In the past, traveling to Israel always seemed like a strange concept to me. Why would anyone want to go to a place that is in the news every other week for people being blown up by a suicide bomber as they sip on a double espresso at their neighborhood coffee shop with dogs running around, babies in strollers and people just trying to enjoy life? It seemed like this was a normal phenomenon for Israelis. What I found was something that I was not expecting. However my trip to Israel didn't start in Israel, it started in Moscow…..
Moscow's Domodedovo Airport. My flight to Tel Aviv was on El Al Airlines, Israel's flagship airlines that flies all over the world. Since Israel probably has the most enemies outside of the USA, if not more, they have very tight security. Prior to getting to the check-in counter, your checked luggage must be x-ray, tagged, and only then you can approach the counter and get your boarding pass. After answering a series of questions such as why I was going to Israel, if I had family there, if I was a Jew or practicing any religion, I was cleared to get my bag screened. Once my pack was launched out the side of the x-ray machine, security personnel asked me to open every pocket in order to swab the insides. This was the familiar explosives swab that is performed at random in airports around the world. However this time the machine kicked out a non-descript red screen that flashed 'Contaminant' and 'TNT' with a series of numbers listed next to each. Immediately I knew I was in for it. I looked at my watch and was thankful that I was over 2 hours early. Let me be the first to say that when traveling to Israel from Russia, this is the last thing that you want to see flash across the screen. What followed was their supervisor bringing me to the 'back room' for further inspection. After being told to empty every single item out of both of my bags into 3 large plastic bins, I was asked to leave the room and wait outside for their inspection of my gear to be completed. For the first time flying on a commercial airliner, I was glad I didn't have my parachute. Once the full inspection was complete, and after I plugged in every electronic component that I had, which included 2 cell phones, camera battery charger and laptop, I was cleared to head to the gate. During the time of the inquisition, another of the staff had checked me in.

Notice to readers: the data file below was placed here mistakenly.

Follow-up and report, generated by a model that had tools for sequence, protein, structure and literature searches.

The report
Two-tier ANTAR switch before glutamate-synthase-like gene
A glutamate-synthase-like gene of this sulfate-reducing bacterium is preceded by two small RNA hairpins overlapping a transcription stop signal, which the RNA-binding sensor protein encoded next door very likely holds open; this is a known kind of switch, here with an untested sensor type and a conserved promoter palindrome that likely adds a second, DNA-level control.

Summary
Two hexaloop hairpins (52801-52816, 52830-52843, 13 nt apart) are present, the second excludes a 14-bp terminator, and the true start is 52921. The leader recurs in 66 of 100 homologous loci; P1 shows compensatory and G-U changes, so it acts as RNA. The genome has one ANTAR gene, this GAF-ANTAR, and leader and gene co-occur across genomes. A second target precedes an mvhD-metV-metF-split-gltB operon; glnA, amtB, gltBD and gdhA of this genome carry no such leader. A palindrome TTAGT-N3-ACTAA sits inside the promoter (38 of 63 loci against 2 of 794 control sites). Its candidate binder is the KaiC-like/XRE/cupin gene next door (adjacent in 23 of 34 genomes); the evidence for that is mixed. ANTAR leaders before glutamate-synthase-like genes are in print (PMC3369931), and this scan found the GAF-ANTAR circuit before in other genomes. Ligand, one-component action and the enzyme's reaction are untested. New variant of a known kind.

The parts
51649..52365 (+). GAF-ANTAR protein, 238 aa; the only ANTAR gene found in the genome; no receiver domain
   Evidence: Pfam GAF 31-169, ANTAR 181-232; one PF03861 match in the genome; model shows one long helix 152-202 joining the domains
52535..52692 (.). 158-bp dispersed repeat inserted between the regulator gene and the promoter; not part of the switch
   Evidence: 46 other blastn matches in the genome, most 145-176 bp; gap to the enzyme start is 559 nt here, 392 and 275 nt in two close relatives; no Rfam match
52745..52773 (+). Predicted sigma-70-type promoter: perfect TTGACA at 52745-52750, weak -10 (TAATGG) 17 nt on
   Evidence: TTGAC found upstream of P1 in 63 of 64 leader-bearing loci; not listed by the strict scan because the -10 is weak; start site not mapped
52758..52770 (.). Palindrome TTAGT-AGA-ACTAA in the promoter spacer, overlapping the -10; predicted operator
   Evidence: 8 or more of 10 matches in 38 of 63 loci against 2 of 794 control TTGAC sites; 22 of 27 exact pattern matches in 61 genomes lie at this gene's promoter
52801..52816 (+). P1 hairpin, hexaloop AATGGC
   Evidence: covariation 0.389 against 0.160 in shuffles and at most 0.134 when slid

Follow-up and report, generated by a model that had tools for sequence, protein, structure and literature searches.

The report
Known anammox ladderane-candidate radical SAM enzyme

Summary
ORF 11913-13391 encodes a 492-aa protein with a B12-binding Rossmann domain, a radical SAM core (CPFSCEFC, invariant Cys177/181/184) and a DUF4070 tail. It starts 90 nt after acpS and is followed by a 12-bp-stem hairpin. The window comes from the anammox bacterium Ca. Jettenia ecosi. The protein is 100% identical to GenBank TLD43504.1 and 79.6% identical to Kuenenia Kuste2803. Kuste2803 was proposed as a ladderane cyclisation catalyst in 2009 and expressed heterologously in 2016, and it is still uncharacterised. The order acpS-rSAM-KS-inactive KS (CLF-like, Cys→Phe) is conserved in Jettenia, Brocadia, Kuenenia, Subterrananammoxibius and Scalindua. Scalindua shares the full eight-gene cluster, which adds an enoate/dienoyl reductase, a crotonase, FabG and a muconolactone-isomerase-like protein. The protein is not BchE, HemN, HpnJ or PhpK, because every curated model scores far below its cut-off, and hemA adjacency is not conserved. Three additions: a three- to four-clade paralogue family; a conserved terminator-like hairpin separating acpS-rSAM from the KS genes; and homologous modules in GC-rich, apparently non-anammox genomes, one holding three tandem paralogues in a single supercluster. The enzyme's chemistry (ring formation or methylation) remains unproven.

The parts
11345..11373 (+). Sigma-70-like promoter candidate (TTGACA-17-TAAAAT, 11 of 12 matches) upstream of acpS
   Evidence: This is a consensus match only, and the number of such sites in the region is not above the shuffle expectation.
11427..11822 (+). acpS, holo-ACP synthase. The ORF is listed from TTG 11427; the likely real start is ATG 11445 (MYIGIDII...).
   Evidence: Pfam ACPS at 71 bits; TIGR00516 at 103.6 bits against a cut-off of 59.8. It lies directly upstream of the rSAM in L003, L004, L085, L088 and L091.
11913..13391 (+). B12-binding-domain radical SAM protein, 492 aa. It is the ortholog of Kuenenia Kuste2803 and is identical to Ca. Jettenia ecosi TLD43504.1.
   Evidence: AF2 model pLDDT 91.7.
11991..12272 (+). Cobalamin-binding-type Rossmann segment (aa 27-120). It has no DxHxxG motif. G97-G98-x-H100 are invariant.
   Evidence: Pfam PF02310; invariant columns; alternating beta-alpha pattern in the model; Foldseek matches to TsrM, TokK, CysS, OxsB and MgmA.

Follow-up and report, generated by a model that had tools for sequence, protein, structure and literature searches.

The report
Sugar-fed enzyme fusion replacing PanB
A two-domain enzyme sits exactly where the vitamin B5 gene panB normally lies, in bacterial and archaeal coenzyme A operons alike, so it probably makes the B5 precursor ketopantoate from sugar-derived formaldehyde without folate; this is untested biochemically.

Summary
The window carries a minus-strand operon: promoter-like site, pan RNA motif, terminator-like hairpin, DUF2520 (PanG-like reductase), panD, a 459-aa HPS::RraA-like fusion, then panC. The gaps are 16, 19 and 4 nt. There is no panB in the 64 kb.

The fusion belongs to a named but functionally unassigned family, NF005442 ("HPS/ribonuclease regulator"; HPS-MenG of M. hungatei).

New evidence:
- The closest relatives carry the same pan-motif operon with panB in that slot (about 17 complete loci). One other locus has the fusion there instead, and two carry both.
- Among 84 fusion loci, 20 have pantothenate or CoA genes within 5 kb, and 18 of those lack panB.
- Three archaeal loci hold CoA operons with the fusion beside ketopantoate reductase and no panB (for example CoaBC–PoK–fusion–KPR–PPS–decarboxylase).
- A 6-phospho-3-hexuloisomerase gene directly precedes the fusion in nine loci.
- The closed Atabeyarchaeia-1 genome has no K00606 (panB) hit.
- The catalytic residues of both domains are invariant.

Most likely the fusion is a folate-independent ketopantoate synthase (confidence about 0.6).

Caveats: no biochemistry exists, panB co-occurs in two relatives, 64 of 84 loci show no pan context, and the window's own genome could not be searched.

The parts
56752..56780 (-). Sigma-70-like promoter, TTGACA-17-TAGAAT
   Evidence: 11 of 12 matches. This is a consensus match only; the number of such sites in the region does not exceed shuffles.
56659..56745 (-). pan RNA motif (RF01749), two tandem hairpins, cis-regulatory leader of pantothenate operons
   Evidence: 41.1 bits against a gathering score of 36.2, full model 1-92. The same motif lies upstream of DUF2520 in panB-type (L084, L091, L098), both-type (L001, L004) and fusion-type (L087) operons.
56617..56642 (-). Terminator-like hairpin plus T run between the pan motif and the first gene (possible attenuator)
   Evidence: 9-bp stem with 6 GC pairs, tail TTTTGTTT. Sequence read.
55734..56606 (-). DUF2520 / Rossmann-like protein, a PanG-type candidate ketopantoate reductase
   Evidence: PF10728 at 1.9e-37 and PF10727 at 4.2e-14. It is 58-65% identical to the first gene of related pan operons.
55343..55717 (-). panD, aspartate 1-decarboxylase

To the gate… After having every item I've been carrying for the past 4 months inspected thoroughly, my next boondoggle was the standard airport security check. Sending all metal items through the x-ray, I stepped through the metal detector and into the full body scanner. Turning 90 degrees to my right in order to match the footprints on the floor of the scanner, a technician instructed me to raise my arms above my head in three languages. Upon doing so, a large arm about 8 feet tall whipped across in front of me and behind me simultaneously. I was cleared to step forward. When I looked back at the screen I could see what looked like one of the screens from Total Recall, there was my body, as viewed through the eyes that don't lie. A full body image highlighting every bump and contour, not hiding anything at all and for all the world to see. What better way to see if someone is carrying something under their clothes. Once clear of airport security I had to traverse gate security. After answering a few questions and handing over my ticket, I was asked to come to their special room where I had to empty all of my pockets, take off my shoes, unbutton / zip my pants for a full inspection. A full body pat down and handheld metal detector was under way by a Ruski that in my opinion now owes me dinner! After sending my things through the x-ray that's at the gate all over again, I was finally allowed to rejoin the masses and board the aircraft. When we finally started to taxi out, I noticed that we were being followed by an El Al security vehicle that acted as an escort and was with us until we made the final turn onto the runway from the taxi way. I can honestly say that I've never felt safer on a flight.